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Original article
peer-reviewed

Research in Medical School: A Survey Evaluating Why Medical Students Take Research Years



Abstract

Introduction: In recent years, an increasing number of medical students have taken time off during medical school in order to conduct research. Schools and students have invested millions of dollars and thousands of person-years on research projects, but little is known as to why students choose to take this time off. We aim to characterize why students take research years during medical school.

Methods: The authors distributed an online survey about research in medical school to students at five medical schools that have highly regarded research programs.

Results: 328 students responded to the survey. The most common reasons students take years off for research are: “increase competitiveness for residency application” (32%), “time to pursue other opportunities” (24%), and “academic interest” (23%). Students who would still take a research year even if they were already assured a position in a residency program of their choice were at 65%, while 35% would not take a research year. Responses varied based on whether students intended to go into a competitive specialty.

Discussion: Medical students take research years for multiple reasons, although they frequently are not motivated by an interest in the research itself. Many student projects consume a substantial amount of time and money despite having little educational value. Medical schools, residency programs, and policymakers should rethink incentives to increase value and help students better pursue their academic interests.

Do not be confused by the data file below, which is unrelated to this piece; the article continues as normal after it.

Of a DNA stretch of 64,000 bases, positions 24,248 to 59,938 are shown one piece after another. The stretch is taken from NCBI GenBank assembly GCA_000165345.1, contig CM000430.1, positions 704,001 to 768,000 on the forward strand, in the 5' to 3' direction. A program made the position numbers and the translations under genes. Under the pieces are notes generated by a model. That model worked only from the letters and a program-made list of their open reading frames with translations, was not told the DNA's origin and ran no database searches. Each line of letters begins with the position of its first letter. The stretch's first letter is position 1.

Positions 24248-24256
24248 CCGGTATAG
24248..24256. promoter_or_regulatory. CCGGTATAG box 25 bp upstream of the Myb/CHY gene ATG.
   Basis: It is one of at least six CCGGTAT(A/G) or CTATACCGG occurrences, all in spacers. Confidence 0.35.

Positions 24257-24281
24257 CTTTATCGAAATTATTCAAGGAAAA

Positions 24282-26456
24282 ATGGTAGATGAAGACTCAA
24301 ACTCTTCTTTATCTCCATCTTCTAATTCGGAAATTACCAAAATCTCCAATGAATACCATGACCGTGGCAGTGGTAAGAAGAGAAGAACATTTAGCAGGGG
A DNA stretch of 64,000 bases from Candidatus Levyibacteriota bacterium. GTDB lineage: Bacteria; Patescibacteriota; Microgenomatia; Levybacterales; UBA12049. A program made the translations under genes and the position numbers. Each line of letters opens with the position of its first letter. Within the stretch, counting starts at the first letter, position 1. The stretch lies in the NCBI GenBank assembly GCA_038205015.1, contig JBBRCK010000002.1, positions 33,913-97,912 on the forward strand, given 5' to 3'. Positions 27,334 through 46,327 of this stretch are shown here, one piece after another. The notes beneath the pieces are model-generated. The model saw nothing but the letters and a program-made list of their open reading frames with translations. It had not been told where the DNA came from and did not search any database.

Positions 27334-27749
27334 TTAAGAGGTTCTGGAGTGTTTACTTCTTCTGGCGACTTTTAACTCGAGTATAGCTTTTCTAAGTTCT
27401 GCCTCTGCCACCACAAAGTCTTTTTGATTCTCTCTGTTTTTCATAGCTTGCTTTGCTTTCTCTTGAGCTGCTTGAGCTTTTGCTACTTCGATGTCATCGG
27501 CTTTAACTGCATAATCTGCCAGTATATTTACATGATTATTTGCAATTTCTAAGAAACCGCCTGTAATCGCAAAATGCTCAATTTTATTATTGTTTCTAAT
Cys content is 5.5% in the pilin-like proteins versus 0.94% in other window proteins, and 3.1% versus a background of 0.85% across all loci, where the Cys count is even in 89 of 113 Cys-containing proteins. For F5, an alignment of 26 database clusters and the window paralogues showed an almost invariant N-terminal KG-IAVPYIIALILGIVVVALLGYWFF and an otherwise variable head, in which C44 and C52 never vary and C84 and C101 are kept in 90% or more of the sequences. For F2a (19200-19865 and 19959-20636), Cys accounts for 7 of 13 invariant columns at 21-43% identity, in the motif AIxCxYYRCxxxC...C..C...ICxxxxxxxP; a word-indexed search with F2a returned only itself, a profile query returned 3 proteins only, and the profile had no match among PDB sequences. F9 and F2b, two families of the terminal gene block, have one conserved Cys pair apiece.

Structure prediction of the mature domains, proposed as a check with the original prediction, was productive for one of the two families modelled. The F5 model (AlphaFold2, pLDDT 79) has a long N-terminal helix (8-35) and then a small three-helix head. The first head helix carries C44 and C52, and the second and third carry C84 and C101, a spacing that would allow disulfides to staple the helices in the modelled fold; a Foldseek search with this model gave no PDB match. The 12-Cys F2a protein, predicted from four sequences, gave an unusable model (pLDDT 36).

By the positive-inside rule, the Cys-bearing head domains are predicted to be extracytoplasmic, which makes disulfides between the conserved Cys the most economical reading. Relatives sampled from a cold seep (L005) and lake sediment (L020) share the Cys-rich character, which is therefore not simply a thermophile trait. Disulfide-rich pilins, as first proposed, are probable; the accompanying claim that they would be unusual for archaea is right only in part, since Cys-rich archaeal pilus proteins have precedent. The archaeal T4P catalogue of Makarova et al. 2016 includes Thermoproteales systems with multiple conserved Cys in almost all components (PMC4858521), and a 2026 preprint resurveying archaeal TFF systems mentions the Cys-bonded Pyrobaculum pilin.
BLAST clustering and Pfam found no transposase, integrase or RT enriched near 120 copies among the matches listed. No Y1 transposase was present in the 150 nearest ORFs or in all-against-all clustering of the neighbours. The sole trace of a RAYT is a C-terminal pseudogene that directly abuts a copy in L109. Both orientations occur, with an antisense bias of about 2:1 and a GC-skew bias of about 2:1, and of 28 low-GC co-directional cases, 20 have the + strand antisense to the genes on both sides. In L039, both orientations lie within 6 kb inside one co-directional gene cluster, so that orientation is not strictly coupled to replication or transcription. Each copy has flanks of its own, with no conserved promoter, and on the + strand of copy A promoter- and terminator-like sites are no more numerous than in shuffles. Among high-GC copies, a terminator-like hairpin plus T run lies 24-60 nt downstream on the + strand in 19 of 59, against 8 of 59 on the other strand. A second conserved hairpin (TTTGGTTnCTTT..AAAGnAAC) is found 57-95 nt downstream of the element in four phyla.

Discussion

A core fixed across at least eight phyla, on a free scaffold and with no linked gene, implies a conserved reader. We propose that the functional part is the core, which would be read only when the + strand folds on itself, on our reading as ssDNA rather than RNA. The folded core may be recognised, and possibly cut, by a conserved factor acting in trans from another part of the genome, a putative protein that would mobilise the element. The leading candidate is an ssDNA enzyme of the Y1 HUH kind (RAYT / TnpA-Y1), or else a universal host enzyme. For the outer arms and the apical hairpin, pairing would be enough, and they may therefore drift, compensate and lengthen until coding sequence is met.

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Original article
peer-reviewed

Research in Medical School: A Survey Evaluating Why Medical Students Take Research Years


Author Information

Akhilesh S. Pathipati Corresponding Author

School of Medicine, Stanford University School of Medicine

Nounou N. Taleghani

Department of Emergency Medicine, Stanford University School of Medicine


Ethics Statement and Conflict of Interest Disclosures

Human subjects: Consent was obtained by all participants in this study. Stanford University Institutional Review Board issued approval N/A. The Stanford University Institutional Review Board reviewed this study and waived the need for further review. Animal subjects: All authors have confirmed that this study did not involve animal subjects or tissue. Conflicts of interest: In compliance with the ICMJE uniform disclosure form, all authors declare the following: Payment/services info: All authors have declared that no financial support was received from any organization for the submitted work. Financial relationships: All authors have declared that they have no financial relationships at present or within the previous three years with any organizations that might have an interest in the submitted work. Other relationships: All authors have declared that there are no other relationships or activities that could appear to have influenced the submitted work.


Original article
peer-reviewed

Research in Medical School: A Survey Evaluating Why Medical Students Take Research Years


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Original article
peer-reviewed

Research in Medical School: A Survey Evaluating Why Medical Students Take Research Years

Akhilesh S. Pathipati">Akhilesh S. Pathipati , Nounou N. Taleghani">Nounou N. Taleghani

  • Author Information
    Akhilesh S. Pathipati Corresponding Author

    School of Medicine, Stanford University School of Medicine

    Nounou N. Taleghani

    Department of Emergency Medicine, Stanford University School of Medicine


    Ethics Statement and Conflict of Interest Disclosures